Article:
Driving due south through the arid scrub of Owen's Valley in the rain-shadow of California's Sierra Nevada I turned off at the small, backcountry town of Lone Pine and continued beyond the outcrop of huge boulders of the Alabama Badlands ( the setting for many western movies ) to encamp amid prickly-pear cactii in the foothills of Mt.Whitney - the highest summit of the contiguous states of the USA.
The following afternoon I headed across the desert scrub and up the well-graded trail through fragrant pine and fir forest to the trailhead of Whitney Portal. A returning climber advised that although there was heavy snow cover on Mt. Whitney there was little risk of avalanche and he had reached over 10,000 feet .
Back at my tent something had chewed a hole in the groundsheet and gorged itself on a loaf of bread. Outside a chill wind blew but Orion and the Great Bear featured prominently in a clear, star-spangled sky.
Before dawn next morning I drove up to Whitney Portal on the winding mountain road still officially closed for the winter and strewn with large, jagged fragments of rockfall.
Donning climbing boots and gaiters I set off along the John Muir Trail leading to the Crest of the Sierra Nevada and onwards across the Great Western Divide to terminate in Sequoia National Park.
An easy angled path led upwards through frosted pine trees beneath high granite cliffs. Initially, rapid progress was possible on hard-packed snow but with increasing depth the crust would occasionally, and unexpectedly, break and I would sink deep into soft snow making progress difficult and tiring. Snow shoes would have been ideal. In Sequoia National Park at the start of my Californian circuit I had used a pair for the first time on a foray into the snowbound wilderness of the High Sierra but there had been none for hire in Lone Pine.
Beyond the forested foothills and across the yellow-ochre scrubland and white, salt pans of Owen's Valley the sun had risen above the blue-black ridge of the Inyo mountains transforming the surrounding winter landscape into a dazzling, sparkling snowscape beneath azure-blue skies.
Surmounting a rise I reached a perfectly flat snow-field covering Mirror Lake in a picturesque setting amid fir trees beneath a high cirque of rugged cliffs. A short but steep climb at the back of the corrie through deep, soft snow brought me above the tree-line and onto an open, wind-swept plateau with a hard, icy surface. In its present, deserted, snowbound state it was hard to believe that it was a popular camping site for summer backpackers. Boulder strewn slopes swept up to a high, jagged skyline.
Heading into a bitingly cold wind and streaming spindrift I continued across the gradual gradient of the plateau and past two other frozen lakes towards a large amphitheatre enclosed by sheer rock walls. I was encouraged to see another solitary climber plodding his way uphill.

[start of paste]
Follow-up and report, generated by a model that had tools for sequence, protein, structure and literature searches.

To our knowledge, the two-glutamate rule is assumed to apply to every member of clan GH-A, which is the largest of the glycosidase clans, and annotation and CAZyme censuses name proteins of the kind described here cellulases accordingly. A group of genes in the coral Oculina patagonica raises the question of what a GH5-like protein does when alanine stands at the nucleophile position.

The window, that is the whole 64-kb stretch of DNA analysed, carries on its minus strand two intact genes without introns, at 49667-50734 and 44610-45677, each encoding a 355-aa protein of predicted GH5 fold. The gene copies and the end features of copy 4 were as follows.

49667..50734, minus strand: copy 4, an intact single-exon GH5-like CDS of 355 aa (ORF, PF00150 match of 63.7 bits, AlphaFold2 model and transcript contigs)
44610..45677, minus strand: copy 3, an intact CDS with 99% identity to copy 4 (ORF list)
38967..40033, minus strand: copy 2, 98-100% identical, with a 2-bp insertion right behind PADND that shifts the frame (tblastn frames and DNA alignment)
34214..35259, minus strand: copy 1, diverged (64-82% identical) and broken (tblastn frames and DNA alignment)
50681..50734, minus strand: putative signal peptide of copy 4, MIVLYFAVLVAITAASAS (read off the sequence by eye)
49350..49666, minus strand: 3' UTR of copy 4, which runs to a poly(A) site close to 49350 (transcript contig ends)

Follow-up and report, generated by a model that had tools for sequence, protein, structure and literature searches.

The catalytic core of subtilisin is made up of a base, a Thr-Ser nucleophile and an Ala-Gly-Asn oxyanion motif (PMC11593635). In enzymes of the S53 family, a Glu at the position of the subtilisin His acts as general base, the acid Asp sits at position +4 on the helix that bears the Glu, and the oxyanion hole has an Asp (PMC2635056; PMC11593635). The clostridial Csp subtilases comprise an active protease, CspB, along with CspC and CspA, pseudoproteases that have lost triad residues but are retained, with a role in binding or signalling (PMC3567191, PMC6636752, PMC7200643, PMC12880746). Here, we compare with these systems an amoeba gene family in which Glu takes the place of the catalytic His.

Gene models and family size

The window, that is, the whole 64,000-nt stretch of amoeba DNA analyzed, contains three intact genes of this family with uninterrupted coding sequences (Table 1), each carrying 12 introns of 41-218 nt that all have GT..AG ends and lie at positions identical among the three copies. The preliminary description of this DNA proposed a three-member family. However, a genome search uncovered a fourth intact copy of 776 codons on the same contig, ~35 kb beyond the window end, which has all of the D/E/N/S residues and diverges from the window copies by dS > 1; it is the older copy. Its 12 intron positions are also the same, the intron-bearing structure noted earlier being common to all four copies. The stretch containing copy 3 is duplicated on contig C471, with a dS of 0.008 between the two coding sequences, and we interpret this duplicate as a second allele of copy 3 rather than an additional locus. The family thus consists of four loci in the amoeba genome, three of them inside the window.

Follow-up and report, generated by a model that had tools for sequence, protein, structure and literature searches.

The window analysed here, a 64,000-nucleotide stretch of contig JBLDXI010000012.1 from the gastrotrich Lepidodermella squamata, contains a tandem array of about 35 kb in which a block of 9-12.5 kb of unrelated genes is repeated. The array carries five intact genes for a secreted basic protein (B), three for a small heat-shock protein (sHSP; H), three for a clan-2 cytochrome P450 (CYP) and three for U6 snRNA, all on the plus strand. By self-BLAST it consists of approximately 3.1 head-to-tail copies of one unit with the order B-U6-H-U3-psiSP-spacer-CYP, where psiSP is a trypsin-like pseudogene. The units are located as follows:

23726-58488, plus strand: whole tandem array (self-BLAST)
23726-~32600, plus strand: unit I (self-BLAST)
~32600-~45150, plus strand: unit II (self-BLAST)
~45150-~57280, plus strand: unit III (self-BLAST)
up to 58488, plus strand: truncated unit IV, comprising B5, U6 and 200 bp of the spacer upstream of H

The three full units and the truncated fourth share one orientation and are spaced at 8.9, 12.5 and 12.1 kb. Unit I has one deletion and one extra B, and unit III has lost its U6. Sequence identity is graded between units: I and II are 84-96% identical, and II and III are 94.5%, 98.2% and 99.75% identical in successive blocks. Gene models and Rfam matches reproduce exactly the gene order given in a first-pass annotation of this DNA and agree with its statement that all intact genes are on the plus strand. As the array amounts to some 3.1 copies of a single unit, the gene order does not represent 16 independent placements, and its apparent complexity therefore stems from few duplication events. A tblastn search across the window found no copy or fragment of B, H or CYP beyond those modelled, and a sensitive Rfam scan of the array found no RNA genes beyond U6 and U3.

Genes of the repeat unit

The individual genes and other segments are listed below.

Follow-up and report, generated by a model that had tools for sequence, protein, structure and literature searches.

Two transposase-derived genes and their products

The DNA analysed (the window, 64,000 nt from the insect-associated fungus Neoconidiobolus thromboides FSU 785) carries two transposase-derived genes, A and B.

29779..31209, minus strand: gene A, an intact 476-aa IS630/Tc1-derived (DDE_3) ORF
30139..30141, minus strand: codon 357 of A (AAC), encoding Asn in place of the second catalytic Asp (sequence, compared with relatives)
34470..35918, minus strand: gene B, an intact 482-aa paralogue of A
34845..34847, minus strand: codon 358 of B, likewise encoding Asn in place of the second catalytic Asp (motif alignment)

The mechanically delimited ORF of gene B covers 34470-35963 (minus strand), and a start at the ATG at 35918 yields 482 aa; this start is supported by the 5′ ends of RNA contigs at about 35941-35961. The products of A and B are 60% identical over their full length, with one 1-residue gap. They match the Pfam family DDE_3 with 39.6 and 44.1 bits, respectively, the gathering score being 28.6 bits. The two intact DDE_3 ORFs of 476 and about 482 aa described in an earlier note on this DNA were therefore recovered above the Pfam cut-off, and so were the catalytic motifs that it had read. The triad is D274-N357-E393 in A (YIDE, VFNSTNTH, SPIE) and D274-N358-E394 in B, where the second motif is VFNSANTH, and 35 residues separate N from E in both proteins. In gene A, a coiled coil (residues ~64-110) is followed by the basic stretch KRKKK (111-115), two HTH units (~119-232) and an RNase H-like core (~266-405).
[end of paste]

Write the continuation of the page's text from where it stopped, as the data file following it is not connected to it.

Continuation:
At the far end of the plateau, directly beneath great, vertical precipices, a broad, steep, snow-filled gully led up to a breach in the ridge.
Strapping on crampons I started the climb. At first conditions were perfect and it was easy to kick steps but higher up the angle increased with sections of hard, blue-ice. Foreshortening moreover had given a false impression of the height of the gully and the skyline still seemed a long way off. I was beginning to suffer from the altitude.
Nearing the top I caught up with Chris, from Los Angeles, who had camped overnight at Mirror Lake where two friends awaited his return.
A rising traverse across soft snow brought us to twin rock pillars and it was then only a matter of minutes before we gained the ridge, the "Crest of the Sierra Nevada", at a height of 13,777 feet - and a superb outlook.
To the west the ridge plunged into a deep, broad canyon. On the far side, beyond an enormous escarpment, arose the snow-capped, saw-toothed summits of the Great Western Divide. Below us, to the east, lay a vast amphitheatre with its huge snow bowl enclosed by towering, granite cliffs and rugged, angular buttresses. In the far distance beneath the Inyo mountains stretched the long trench of Owen's Valley .
A path led off along the ridge towards the hidden, 14,495 feet, summit of Mt.Whitney, the most frequently climbed peak in the USA during summer months. Unfortunately in springtime we were out of time - the condition of the snow in the heat of the noon-day sun was rapidly deteriorating and giving cause for concern.
After a final appreciation of the magnificent mountain scenery we reluctantly started on the 5,000 feet descent back to Whitney Portal.
- Mt. Whitney & Owen's Valley
- Peakware - Mount Whitney
- Summit Post - Mount Whitney
- Wikipedia -Mount Whitney
- Mt Whitney Information
- National Parks of the SW USA
- Sierra Nevada Mountain Climbing
- Summer in the Sierra - John Muir
- Pacific Crest Trail Adventure
- The High Sierra
- High Sierra Nevada
USA Vacations - FREE Brochures:-
Alaska | Arizona | California | Colorado | Utah
Hiking and Walking Tours - FREE Brochure
Climbing and Mountaineering Tours - FREE Brochure
This Land is your Land